U.S. Sen. Chuck Grassley (R-Iowa) has questioned banking guidance on marijuana businesses that was given by the Treasury's Financial Crimes Enforcement Network. (Getty Images file)

Treasury: Pot banking guidance wasn’t an endorsement

The director of the Treasury Department division that offered banks guidance on how to deal with marijuana-related businesses denied it was encouraging the practice, saying it merely was a means to ensure the relationship was transparent.

In a letter Thursday to senators who questioned the guidance, Treasury’s Financial Crimes Enforcement Network director Jennifer Shasky Calvery wrote that the guidance was intended to give law enforcement “greater insight into marijuana-related business activity.”

“FinCEN does not purport to enhance the availability of financial services for illegal drug traffickers,” Calvery wrote senators Dianne Feinstein, D-Calif., and Charles Grassley, R-Iowa. “The primary objective … is to enhance financial transparency.”

The senators, who co-chair the Senate Caucus on International Narcotics Control, in April questioned FinCEN’s authority to usurp federal laws that keep the sale and possession of marijuana illegal, despite Colorado and Washington voter approval to legalize it.

FinCEN and the U.S. Department of Justice in February offered guidance to banks interested in doing business with the legal-marijuana trade, which the senators said “turns FinCEN’s mission on its head.”

The agency’s primary function is to safeguard the nation’s financial system from illicit use and to combat money laundering.

Pot banking option for Colorado: Gov. Hickenlooper will approve cannabis co-op bill, but “it’s not a final solution”

Feinstein and Grassley demanded answers to eight specific questions about how FinCEN justifies giving advice to banks about how to deal with marijuana money.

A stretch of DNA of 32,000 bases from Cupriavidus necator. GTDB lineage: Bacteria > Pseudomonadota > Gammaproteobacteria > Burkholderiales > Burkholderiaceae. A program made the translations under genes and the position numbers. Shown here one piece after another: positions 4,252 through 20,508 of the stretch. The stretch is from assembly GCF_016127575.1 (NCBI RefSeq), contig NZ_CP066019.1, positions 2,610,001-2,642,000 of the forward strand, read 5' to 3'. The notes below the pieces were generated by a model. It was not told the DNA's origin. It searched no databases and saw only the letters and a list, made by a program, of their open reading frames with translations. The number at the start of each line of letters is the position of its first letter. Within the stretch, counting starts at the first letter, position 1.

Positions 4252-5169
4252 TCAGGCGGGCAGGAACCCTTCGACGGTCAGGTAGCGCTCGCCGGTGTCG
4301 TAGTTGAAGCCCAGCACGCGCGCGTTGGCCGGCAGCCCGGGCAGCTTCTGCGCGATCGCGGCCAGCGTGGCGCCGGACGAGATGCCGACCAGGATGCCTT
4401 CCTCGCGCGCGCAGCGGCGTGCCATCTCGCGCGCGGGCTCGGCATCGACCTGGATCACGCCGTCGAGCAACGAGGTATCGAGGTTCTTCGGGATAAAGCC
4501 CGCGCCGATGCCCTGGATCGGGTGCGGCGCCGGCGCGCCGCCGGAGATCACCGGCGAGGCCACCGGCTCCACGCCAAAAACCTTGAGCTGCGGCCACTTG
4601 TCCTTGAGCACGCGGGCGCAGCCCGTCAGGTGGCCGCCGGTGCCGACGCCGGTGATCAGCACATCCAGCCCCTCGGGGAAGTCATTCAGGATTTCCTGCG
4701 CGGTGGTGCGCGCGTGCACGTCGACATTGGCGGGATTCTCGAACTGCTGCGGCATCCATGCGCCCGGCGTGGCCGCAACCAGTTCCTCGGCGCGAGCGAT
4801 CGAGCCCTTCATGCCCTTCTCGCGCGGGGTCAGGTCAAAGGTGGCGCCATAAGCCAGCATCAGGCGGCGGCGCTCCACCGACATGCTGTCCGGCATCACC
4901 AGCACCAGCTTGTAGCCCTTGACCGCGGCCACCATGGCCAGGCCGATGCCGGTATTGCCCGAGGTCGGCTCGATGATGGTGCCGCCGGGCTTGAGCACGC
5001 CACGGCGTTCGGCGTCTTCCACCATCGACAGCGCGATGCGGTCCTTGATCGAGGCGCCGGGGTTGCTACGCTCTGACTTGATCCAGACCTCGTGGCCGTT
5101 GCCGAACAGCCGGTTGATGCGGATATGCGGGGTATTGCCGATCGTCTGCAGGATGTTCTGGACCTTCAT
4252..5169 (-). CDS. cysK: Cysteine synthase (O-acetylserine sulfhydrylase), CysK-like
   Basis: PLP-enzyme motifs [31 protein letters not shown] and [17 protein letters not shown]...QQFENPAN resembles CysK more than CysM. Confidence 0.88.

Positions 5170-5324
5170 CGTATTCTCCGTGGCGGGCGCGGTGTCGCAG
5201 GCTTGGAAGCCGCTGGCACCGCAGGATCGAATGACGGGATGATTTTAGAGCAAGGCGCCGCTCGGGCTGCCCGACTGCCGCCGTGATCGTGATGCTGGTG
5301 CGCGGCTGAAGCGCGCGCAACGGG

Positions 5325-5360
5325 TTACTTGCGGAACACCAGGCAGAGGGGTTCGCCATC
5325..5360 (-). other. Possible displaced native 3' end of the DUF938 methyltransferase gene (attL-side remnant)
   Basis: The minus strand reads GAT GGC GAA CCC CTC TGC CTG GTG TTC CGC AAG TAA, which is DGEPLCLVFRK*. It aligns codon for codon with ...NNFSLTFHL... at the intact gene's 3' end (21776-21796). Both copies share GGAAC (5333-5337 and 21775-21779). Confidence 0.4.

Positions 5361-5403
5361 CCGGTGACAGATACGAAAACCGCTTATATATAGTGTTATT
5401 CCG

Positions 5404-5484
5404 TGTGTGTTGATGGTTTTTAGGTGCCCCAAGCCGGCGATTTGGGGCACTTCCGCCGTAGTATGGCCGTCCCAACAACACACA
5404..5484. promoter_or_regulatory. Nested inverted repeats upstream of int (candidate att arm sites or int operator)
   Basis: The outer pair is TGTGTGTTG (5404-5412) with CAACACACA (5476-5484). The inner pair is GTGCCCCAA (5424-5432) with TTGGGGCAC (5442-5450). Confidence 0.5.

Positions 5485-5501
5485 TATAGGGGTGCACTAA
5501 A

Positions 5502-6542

Grassley said Calvery’s response proves “FinCEN’s guidance to financial institutions is absolutely contrary to the mission of the agency.”

“…It’s only logical that FinCEN would now deny the stated purpose of that guidance,” Grassley said in a statement issued Friday. “The agency also concedes the obvious — that its guidance does not change federal criminal law (or) affect its enforcement in any way.”

February’s guidance offered bankers little comfort with working with marijuana businesses, instead requiring additional paperwork that identified who was behind any banking transaction. Bankers said they were not offered reprieve from prosecution should they unknowingly do business with a criminal enterprise.

In her letter, Calvery said FinCEN wasn’t telling banks they were free from prosecution simply because marijuana was legal in Colorado and Washington.

“Only the Department of Justice has discretion to determine whether to prosecute violations of the (Bank Secrecy Act),” she wrote.

Other money matters: Colorado sold nearly $19 million worth of recreational pot in March, up from about $14 million in February.

The Justice Department said in February that it would be primarily interested in businesses that violated any of eight “red-flag” areas of interest, such as whether trafficking crossed state lines, children were involved, and whether marijuana was used or grown on federal lands.

Federal authorities recently raided a number of Colorado marijuana shops, later indicting a number of its participants.

Grassley again warned banks that working with marijuana businesses was risky.

“There are risks in doing business with the marijuana industry which should give the financial services industry little confidence that it will be protected should an institution be federally prosecuted for getting involved in illegal activities,” he said Friday.

Feinstein’s office had no comment on Calvery’s letter.

Colorado this week passed a bill allowing marijuana businesses to create their own banking cooperative, subject to approval by the Federal Reserve System. It is headed for Gov. John Hickenlooper’s desk.

David Migoya: 303-954-1506, dmigoya@denverpost.com or twitter.com/davidmigoya

This story was first published on DenverPost.com